Blair confronts critics of 10p tax band policy

Budget countdown: Wrangle over 'fairness' of cuts and allowances
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Political Correspondent

Tony Blair, the Labour leader, was forced into a defence of his shadow Chancellor, Gordon Brown, yesterday, insisting that the goal of a 10p tax starter band would be a "fair" tax cut.

The assertion came amid renewed rumblings of concern among some Shadow Cabinet members that Mr Brown was putting forward plans in their name without consultation.

Mr Blair was speaking at the Association of British Editors' annual dinner, in the wake of a barrage of ridicule from Brian Mawhinney, the Tory party chairman - and more serious criticisms of the independent Institute for Fiscal Studies, which says the most progressive way to cut income tax is to raise allowances.

Mr Brown insisted in a letter to Dr Mawhinney yesterday that the Government's aim of abolishing capital gains and inheritance tax would be "far less fair" than his 10 pence tax.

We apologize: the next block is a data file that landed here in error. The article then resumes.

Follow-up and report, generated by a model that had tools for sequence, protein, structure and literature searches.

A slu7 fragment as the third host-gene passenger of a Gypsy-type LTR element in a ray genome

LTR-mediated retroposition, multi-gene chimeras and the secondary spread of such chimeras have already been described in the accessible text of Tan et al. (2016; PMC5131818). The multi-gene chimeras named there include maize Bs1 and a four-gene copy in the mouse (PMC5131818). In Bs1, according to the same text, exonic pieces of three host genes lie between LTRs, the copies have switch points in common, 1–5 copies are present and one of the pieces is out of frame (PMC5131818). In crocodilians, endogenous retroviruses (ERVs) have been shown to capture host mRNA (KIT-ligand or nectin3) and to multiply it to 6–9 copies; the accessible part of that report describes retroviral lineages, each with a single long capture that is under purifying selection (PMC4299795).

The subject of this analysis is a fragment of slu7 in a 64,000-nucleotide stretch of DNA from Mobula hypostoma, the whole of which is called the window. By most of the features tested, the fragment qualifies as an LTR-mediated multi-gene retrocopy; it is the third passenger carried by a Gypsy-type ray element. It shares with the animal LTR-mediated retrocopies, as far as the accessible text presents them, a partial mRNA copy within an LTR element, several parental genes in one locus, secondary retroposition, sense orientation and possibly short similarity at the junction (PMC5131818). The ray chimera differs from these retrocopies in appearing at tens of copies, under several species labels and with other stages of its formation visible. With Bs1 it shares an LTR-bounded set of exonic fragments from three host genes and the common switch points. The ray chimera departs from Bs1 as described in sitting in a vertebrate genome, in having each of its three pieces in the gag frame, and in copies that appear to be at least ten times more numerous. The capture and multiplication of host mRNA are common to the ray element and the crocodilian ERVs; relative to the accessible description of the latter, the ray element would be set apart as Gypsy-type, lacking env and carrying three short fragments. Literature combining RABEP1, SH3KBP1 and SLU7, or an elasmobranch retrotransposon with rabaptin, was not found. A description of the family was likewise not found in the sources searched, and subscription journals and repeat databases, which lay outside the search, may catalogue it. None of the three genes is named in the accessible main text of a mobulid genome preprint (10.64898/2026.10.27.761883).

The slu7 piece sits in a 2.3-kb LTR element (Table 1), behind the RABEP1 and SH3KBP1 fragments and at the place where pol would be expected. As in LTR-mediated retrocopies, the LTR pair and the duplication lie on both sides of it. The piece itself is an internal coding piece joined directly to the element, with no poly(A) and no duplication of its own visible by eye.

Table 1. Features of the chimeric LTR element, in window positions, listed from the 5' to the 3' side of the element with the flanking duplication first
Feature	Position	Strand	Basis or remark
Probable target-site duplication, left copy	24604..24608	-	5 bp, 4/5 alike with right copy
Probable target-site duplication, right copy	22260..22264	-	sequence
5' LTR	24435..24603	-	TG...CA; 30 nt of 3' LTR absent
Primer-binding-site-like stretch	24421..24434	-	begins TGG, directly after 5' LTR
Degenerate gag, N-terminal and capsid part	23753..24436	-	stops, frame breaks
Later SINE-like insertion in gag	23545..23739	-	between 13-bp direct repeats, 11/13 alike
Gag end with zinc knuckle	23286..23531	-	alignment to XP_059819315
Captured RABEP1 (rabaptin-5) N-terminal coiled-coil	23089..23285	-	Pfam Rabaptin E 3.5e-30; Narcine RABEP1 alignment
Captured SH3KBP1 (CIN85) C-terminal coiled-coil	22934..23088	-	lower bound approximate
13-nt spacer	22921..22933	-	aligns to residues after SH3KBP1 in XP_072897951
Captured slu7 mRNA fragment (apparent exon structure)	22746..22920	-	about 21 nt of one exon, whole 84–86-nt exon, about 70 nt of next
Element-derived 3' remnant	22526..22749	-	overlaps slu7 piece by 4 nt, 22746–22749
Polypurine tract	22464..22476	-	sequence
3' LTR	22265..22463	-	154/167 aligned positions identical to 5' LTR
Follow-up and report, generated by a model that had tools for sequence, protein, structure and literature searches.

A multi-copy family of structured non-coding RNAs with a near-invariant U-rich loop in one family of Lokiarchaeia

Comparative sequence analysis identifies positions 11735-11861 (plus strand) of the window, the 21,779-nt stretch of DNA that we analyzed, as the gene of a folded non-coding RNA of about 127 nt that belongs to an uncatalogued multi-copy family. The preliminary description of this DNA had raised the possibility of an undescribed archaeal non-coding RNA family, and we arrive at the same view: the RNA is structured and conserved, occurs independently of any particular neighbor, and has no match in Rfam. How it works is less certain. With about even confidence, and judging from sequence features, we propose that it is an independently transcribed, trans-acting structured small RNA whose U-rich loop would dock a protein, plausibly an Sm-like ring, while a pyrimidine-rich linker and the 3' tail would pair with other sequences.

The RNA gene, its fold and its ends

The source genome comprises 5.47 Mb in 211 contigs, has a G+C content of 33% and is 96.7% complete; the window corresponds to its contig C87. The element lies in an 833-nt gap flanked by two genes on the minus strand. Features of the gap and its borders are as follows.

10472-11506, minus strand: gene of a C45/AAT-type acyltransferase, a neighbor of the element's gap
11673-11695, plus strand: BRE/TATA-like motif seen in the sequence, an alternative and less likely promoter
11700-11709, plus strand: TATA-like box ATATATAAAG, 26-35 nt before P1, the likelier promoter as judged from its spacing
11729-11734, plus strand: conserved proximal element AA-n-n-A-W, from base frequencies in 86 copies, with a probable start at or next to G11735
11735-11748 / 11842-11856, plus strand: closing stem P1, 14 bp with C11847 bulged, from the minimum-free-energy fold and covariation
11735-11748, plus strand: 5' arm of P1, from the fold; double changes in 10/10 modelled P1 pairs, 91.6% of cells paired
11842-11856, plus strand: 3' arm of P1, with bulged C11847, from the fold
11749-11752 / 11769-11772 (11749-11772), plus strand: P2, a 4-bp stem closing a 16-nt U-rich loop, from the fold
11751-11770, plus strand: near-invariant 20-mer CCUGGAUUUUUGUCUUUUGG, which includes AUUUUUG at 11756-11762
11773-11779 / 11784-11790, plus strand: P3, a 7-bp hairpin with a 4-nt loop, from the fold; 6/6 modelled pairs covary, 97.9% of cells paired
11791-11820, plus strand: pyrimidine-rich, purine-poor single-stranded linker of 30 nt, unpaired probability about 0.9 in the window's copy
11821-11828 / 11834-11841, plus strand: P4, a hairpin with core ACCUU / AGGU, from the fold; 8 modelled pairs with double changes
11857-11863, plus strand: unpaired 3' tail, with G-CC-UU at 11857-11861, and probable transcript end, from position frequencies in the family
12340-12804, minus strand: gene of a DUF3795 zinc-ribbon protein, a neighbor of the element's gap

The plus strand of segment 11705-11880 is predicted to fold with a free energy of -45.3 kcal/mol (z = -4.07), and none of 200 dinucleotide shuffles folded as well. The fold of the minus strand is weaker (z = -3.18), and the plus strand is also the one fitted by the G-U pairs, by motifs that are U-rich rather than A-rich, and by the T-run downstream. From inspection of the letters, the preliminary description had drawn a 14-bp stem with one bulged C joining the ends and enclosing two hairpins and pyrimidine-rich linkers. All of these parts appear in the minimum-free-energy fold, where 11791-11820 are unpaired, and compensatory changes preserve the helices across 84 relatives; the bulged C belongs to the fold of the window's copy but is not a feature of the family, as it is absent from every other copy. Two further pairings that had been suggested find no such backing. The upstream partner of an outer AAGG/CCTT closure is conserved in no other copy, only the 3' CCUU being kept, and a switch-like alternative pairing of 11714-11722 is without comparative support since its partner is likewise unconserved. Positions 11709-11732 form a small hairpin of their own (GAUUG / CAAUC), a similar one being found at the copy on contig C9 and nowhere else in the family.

The Liberal Democrats, in their alternative Budget, and tax advisers Ernst & Young both swung firmly behind lower allowances as the fairest and most effective way of lifting people out of the poverty trap.

Paddy Ashdown, the Liberal Democrat leader, vowed that his party would vote against income tax cuts in next week's Budget, unless they were matched by significant increases in education spending that went beyond the pounds 800m believed to be on offer, but which Mr Ashdown said would only make up for under-funding last year. Dr Mawhinney meanwhile held a news conference to dub Labour the "Oliver Twist party - always demanding more", and produced a survey claiming Labour backbenchers had made 50 calls for more spending in the space of one week in the Commons.

After angry Commons exchanges with John Major at Prime Minister's Questions, Mr Blair said the Budget would be the Tories' last throw of the dice. "The fact that it is seen like that - not least by their own MPs - is an indication of their weakness."